Eggnog, Light and Easy

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Eggnog is one of my family’s favorite holiday traditions. We drink it starting at Thanksgiving and all the way to New Year’s Eve. I like the traditional thick and creamy eggnogs, and as long as I don’t drink too much of it I will indulge a few times throughout the season. For those who want the creamy without extra calories, I recommend this recipe from Cooking Light’s list of smart choice holiday cocktails. Instead of heavy cream or whole milk, this recipe uses 1% milk and fat free sweetened condensed milk, with only two egg yolks, though if you like more egg flavor you can add one extra yolk.

I’ve served this both hot and cold, and it tastes great either way. So if you are trying to warm up from a cold day outside, or if it’s warm in your neck of the woods and you need something cool and refreshing, this light and easy eggnog will hit the spot.

Eggnog, Light and Easy
Prep time
Cook time
Total time
Adapted from Cooking Light.
Serves: 8 servings
  • 3 1/2 cups (840 ml) 1% low-fat milk
  • 1/2 cup (120 ml) fat-free sweetened condensed milk
  • 1 teaspoon arrowroot
  • 1/4 teaspoon grated whole nutmeg
  • 1-inch piece of vanilla bean, cut in half
  • 1/8 teaspoon salt
  • 2 or 3 large egg yolks, whisked
  • 1/4 cup (60 ml) bourbon
  • 2 tablespoons brandy
  • Additional grated whole nutmeg (optional)
  1. Combine the milk, sweetened condensed milk, flour, nutmeg, vanilla bean, and salt in the medium saucepan. Slowly bring to a boil over medium heat, stirring constantly with a whisk. Remove the piece of vanilla. Whisk the egg yolks in the small bowl, then gradually whisk one-third of hot milk mixture into egg yolks. Add yolk mixture to remaining hot milk mixture, stirring with a whisk. Cook over medium heat until slightly thickened, about 1 minute. Remove from heat and stir in the bourbon and brandy.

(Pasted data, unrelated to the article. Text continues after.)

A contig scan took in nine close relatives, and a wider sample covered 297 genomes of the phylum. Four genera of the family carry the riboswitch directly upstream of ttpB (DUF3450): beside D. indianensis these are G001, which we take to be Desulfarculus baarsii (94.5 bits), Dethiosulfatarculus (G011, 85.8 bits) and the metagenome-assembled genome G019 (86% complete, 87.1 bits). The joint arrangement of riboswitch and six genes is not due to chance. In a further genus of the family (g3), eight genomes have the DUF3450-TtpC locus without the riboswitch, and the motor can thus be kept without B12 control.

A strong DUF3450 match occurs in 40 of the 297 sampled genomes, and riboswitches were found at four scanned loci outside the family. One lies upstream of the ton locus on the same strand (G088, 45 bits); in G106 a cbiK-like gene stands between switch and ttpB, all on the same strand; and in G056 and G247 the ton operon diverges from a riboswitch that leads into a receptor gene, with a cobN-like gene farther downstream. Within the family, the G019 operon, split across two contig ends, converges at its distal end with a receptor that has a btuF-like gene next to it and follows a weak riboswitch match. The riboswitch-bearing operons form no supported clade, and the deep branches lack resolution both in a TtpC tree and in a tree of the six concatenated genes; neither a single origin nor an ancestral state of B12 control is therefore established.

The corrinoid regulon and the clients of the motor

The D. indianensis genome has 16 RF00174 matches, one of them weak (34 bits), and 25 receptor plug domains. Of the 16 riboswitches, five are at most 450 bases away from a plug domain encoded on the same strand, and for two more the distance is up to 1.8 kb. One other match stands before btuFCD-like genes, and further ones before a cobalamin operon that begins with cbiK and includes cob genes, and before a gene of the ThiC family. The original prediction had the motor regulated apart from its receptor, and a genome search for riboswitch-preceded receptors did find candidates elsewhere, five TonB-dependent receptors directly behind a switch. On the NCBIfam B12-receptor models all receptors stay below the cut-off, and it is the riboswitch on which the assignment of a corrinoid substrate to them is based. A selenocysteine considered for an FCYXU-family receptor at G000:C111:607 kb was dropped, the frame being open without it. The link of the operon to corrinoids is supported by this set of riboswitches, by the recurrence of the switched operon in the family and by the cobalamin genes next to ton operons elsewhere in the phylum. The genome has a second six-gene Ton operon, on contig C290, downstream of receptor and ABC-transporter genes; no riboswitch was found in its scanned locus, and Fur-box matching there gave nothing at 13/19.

2. Serve hot in mugs, garnished with grated nutmeg. To serve cold, cover the surface of the eggnog with wax paper, and refrigerate at least 4 hours or overnight.
More Information

medium saucepan
small bowl

Recipe Notes

Because I like a rich egg flavor, I used three egg yolks, which only adds a few calories per serving. The original recipe calls for vanilla extract stirred in at the end, but I like the flavor of a piece of vanilla bean infusing the milk mixture while it cooks. Depending on your booze preferences, you can reduce the bourbon, omit the brandy (I did), change it all up for rum, or skip the alcohol altogether.


More Festive Holiday Beverages

Andrea Meyers - Polish Krupnik (Honey-Spiced Vodka for Christmas Eve) Andrea Meyers - Hot Mulled Wine Andrea Meyers - Cider Car Cocktail

More Eggnog Recipes From Other Blogs

[Disclosure: I am a member of the Cooking Light Bloggers’ Connection.]

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